How food was prepared before there was Instant Anything.

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Grammy Gregory's Watermelon Preserves

William GREGORY was famous for the watermelons that he raised each year in his huge garden.   His wife, Rose,  utilized everything that was grown in that garden.   During the summer she always had watermelon in the refrigerator.   It was neatly cut into bite size pieces and all of the seeds were removed.   In the winter months her steaming, hot biscuits, butter, and watermelon preserves were a delicious treat around the breakfast table.   Will, as his friends called him, did enjoy a big breakfast each morning and Rose made certain that he got it each AM.

3 Quarts watermelon rind (green portion removed, the pink flesh removed, just the white portion of the rind.   This is then cut into serving size pieces.   A watermelon with a thick rind is best for these preserves.)
6 cups sugar

Let stand about 2 hours.   The sugar will bring out the liquid in the rind and dissolve.   This liquid will just about cover the rinds.   Boil one hour in a heavy pan.

Cool.   It can stand overnight if necessary.

Bring to a boil again and boil for one hour.   Cool.   This should stand overnight to check to see if the syrup sugars.   If this happens add a small amount of water to eliminate the sugaring.   The finished product will be translucent pieces of the rind in a light golden syrup.

Heat and fill sterilized canning jars.   Place in a boiling water bath for 5 minutes.

Rose GREGORY did not measure.   She just knew how much.   She told my mother as best she could how she made this special treat.   She has experimented over the years and this is the closest we have come to her recipe.

Contributed by Candace Gregory, April 2003 -

Pashofa Recipe

Pashofa, a hominy dish, is the traditional Chickasaw and Choctaw fare served at all festivals.  In Indian Territory days it was a staple of the everyday diet.  It was simple to prepare and nutritious.  I have eaten the dish many times and is different.  It is normally cooked with small bits of pork in the corn.  I have never seen it cooked with salt.  I have heard that salt will make the mixture too mushy and ruin the texture of the corn.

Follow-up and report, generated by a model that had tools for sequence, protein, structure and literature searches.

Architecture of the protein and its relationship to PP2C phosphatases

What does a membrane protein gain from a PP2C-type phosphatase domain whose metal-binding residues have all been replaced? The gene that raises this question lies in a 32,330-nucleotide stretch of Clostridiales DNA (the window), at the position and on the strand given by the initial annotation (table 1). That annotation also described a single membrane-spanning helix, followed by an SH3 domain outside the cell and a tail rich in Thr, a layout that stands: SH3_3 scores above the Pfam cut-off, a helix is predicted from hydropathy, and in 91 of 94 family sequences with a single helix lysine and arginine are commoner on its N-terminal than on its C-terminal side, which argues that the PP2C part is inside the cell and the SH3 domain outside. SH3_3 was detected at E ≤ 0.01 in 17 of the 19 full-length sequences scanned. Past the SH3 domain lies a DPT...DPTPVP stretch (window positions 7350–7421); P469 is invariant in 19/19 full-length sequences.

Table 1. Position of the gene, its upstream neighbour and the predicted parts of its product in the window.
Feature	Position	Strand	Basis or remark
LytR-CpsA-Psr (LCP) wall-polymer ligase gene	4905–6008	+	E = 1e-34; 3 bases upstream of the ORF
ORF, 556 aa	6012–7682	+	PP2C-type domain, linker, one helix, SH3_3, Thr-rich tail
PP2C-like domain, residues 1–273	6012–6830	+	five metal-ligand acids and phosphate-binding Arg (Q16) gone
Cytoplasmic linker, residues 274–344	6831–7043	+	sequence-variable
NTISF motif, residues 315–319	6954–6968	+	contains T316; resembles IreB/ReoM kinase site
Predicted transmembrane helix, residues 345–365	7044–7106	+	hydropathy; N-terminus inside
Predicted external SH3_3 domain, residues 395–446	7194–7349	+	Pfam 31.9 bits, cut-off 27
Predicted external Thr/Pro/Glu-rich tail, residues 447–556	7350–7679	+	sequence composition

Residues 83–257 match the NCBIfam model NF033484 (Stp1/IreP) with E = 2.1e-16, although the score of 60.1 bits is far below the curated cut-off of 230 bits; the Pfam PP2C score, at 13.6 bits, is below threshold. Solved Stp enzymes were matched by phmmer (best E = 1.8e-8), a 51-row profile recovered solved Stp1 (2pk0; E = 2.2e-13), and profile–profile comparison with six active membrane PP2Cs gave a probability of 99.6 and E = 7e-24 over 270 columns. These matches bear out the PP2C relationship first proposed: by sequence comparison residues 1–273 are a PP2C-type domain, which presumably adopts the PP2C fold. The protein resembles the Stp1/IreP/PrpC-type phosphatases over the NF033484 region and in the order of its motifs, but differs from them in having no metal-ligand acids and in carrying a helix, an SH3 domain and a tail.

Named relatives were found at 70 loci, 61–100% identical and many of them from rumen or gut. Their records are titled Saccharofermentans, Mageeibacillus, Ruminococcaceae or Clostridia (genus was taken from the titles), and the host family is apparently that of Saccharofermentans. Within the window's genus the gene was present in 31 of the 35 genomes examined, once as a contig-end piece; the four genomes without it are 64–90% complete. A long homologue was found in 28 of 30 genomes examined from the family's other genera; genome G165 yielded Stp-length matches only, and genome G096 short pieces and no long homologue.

Those of you that have read all the Indian Pioneer Papers posted on the Murray County site, will be familiar with the importance of the "Tom Fuller" patch ("Tom Fuller" is a corruption of the Indian word "tafula".).  It was a patch of corn,  usually about 5 to 10 acres in size, that provided the residents of this wild country with their basic nutrition.  Here's how they did it:

Burn out the inside of a good stump and clean it.  Save some of the ashes.  Beat the corn until it is cracked. Sift to separate the corn from the grits. Fill the cavity with white corn and sift ashes over the mixture.  Pour enough water to cover mixture.  Soak all night until husk slips from corn kernel.

Cook cracked corn in heavy iron pot at least one and a half hours, stirring constantly with a wooden paddle.  Wood is the best fuel. 

Add fresh pork and cook at least two hours.  Meat should be tender and corn should be mushy.  Salt after cooking or it will stick.  Eat while hot.

There you have it pioneers.  So, get out there and get that stump burned out and I'll set the table.

Dennis Muncrief,  November,  2007


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